Dear Barb—Where There’s Not a Will

Dear Barb:

My father just passed away and he didn’t have a will.  My mom passed away 10 years ago, and dad has been living with a woman for the past 4 years.  She is great, and we all like her. 

I have two younger brothers.  My parents had a home that was paid off and my dad and his girlfriend have lived in the home for the last few years.  What happens to everything because dad did not have a will?  Will my dad’s girlfriend inherit the house, because that does not seem right to us.  We are considering getting a lawyer to help sort things out, but we have not spoken to my dad’s girlfriend about this.  When we are all together it seems like this is the elephant in the room that no one wants to talk about, but I know we must confront this at some point.  Since I am the oldest, I keep thinking I should be the one to bring this up.  I need some advice.  Hope you can help, Melissa. 

Hi Melissa:

So sorry for your loss.  I can give you some information, but you are correct in obtaining a lawyer, preferably an estate lawyer.  You did not mention where you were writing from, therefore I will assume you are somewhere in Canada.  Canadian estate laws are different from province to province.  For example, if you are married and die without a will in Canada, everything you have goes to your spouse.  The situation is a bit more complicated if you have children and you pass without leaving a will.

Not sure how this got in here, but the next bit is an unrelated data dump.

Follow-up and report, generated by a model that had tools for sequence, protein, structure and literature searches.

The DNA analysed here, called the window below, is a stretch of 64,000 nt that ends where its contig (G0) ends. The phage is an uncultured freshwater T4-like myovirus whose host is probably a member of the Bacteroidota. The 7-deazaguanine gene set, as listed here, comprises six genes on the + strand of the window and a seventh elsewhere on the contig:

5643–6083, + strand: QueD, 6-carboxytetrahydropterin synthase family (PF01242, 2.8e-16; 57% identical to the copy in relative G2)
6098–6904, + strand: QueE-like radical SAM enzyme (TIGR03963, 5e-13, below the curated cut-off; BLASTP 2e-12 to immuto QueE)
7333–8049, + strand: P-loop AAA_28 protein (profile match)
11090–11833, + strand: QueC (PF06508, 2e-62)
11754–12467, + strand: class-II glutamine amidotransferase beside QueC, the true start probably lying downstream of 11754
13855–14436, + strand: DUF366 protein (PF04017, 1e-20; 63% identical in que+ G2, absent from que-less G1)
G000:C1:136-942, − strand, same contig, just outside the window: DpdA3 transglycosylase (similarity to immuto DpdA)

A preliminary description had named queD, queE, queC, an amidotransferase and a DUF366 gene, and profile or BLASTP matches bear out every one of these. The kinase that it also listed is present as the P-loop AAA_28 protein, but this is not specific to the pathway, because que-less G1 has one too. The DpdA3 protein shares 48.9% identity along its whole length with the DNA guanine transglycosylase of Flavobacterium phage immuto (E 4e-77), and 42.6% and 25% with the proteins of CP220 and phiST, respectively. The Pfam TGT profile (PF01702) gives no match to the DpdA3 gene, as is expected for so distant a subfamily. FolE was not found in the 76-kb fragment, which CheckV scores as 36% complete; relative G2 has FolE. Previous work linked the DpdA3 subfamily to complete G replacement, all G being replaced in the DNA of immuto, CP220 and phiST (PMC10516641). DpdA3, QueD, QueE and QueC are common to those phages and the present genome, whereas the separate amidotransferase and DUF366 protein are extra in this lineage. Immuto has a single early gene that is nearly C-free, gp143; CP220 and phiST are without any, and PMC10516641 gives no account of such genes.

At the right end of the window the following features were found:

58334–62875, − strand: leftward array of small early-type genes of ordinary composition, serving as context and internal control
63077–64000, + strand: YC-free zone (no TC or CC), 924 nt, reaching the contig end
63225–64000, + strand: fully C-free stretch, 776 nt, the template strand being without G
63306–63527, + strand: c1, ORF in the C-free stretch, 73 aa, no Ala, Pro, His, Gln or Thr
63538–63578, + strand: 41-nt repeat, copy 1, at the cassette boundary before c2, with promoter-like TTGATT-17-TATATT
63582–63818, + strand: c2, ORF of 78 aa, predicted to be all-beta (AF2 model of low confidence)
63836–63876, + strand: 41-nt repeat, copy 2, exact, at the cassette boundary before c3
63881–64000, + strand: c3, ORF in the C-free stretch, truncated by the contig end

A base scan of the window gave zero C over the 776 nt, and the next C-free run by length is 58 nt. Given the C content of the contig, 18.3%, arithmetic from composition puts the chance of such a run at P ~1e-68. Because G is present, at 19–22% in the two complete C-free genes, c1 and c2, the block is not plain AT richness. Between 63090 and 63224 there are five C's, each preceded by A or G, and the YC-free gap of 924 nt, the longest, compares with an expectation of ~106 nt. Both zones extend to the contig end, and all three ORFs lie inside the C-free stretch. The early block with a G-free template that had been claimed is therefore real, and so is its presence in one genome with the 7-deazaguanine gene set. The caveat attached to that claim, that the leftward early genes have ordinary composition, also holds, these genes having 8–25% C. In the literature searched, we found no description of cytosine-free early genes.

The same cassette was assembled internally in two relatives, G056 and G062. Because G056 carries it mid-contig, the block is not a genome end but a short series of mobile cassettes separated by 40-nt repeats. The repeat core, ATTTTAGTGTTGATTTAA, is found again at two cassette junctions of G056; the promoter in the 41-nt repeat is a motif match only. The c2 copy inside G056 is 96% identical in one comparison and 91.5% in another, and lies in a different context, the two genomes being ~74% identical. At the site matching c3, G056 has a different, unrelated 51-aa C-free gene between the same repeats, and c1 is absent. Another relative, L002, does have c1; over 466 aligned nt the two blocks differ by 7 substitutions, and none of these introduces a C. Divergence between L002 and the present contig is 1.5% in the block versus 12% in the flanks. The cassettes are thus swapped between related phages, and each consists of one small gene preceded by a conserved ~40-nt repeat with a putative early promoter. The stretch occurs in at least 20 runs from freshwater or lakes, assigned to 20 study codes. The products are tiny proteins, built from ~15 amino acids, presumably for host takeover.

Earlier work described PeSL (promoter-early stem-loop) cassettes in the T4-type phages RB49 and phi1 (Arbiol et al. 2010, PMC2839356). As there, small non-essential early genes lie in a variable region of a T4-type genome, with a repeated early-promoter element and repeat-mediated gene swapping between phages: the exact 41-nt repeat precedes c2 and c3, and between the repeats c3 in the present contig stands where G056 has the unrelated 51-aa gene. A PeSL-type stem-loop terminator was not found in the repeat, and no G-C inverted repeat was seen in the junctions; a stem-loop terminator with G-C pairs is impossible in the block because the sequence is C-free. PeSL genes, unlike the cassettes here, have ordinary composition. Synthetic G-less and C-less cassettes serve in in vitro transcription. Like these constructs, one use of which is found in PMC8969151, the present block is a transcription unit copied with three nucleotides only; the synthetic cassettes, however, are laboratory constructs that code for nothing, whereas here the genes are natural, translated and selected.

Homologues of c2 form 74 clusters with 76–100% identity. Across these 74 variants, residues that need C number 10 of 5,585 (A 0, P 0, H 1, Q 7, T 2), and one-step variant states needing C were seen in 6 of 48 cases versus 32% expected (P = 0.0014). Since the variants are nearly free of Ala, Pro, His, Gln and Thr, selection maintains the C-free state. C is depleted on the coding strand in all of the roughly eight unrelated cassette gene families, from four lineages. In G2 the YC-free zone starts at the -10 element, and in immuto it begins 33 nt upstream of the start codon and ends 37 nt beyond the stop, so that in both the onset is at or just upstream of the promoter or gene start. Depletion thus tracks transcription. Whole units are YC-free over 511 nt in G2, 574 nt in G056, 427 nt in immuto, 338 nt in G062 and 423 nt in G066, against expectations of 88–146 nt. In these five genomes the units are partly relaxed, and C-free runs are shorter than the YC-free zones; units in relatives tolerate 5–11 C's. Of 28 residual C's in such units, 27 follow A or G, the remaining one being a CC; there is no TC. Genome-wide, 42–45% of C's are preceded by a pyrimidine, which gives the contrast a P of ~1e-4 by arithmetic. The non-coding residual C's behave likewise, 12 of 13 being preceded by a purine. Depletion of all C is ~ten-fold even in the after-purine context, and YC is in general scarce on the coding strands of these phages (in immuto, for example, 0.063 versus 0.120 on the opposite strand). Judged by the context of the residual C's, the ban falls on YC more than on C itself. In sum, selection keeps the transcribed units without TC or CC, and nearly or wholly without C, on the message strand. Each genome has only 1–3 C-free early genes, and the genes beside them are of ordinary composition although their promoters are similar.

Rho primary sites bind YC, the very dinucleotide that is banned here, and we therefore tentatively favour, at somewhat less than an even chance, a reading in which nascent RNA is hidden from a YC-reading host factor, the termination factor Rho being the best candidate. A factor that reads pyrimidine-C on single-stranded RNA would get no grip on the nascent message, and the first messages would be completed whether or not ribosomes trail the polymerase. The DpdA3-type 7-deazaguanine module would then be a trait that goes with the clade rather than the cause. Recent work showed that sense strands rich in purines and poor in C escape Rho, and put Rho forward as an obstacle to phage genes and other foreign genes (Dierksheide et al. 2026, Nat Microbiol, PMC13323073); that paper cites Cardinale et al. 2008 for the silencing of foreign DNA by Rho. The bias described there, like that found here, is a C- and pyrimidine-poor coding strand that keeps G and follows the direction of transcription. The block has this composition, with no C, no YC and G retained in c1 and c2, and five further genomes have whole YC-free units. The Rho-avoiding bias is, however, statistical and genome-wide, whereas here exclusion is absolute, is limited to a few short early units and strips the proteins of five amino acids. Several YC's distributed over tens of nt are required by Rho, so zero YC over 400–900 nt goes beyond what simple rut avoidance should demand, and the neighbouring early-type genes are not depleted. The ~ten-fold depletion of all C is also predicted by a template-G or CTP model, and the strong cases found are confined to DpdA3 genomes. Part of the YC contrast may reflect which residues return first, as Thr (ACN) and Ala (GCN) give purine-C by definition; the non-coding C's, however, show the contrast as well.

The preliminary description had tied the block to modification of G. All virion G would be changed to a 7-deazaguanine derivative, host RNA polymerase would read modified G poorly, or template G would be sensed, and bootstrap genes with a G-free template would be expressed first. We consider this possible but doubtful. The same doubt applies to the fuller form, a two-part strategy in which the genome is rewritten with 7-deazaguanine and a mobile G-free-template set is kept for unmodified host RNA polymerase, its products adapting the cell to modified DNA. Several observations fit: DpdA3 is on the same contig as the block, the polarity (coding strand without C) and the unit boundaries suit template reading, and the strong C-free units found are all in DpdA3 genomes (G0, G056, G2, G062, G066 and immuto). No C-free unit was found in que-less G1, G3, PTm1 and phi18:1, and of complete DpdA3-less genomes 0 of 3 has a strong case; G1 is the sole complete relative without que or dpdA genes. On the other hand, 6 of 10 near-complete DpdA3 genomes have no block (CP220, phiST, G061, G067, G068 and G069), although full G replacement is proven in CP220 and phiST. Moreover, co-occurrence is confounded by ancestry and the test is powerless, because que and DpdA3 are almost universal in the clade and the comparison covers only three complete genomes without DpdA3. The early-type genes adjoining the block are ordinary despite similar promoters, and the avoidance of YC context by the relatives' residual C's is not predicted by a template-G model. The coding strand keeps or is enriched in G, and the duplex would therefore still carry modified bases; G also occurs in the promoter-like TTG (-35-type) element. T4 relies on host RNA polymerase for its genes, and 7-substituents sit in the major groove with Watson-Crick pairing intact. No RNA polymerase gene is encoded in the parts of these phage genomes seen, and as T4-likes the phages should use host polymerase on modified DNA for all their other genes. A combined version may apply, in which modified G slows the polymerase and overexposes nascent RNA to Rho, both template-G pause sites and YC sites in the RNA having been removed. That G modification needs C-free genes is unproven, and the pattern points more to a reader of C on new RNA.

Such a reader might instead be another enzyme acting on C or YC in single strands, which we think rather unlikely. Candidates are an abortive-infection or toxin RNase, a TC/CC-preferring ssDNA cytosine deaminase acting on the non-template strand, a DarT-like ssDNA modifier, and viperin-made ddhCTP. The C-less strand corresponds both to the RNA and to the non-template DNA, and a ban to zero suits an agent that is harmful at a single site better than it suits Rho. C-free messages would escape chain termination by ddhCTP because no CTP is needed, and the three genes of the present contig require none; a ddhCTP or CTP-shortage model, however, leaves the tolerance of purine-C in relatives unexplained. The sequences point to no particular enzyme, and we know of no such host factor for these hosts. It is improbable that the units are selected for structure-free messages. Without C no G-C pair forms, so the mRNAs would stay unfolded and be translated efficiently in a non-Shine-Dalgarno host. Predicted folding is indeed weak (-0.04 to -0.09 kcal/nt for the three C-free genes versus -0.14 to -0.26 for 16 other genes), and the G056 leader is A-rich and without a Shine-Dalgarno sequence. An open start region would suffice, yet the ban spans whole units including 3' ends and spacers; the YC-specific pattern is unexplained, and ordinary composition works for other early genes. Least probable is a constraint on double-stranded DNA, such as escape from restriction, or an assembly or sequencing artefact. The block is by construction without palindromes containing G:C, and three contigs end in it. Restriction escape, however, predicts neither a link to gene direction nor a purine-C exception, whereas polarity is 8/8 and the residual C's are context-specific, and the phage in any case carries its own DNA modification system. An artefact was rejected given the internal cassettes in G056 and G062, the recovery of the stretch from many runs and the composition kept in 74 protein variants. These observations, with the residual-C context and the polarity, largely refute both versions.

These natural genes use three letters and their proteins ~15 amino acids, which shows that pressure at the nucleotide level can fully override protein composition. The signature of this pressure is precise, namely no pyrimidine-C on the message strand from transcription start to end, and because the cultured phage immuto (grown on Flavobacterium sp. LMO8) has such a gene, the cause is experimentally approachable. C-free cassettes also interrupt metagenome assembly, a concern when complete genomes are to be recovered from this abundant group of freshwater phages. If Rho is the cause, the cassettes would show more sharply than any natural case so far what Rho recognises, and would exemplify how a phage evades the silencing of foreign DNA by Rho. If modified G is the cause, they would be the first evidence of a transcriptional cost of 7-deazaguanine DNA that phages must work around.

The distribution of assets are different depending on if you have one child or more than one child and which province you reside in.  If you do not have a spouse or child the inheritance will be distributed to parents first, then siblings, then nieces and nephews.  If the deceased does not have relatives the estate is appropriated by the government.  In your situation things are different again.  Since your father was not married, but living in a common-law relationship, what happens to the estate is dependent again on which province your father lives in.  If your father lives in BC, Saskatchewan, NWT, Nunavut or Manitoba and he has lived common-law longer than two years, the common-law spouse has the same rights as if they were a married couple.  If your father lives in any other province his common-law spouse will receive nothing.  However, his common law spouse has the option of going through a lengthy court process and still may end up with nothing.  As you can see there are many variables here and a lawyer will definitely help you to unravel your particular situation.  Try to keep the lines of communication open with your late dad’s girlfriend, which will make resolution much easier.  Thanks for your email, Melissa.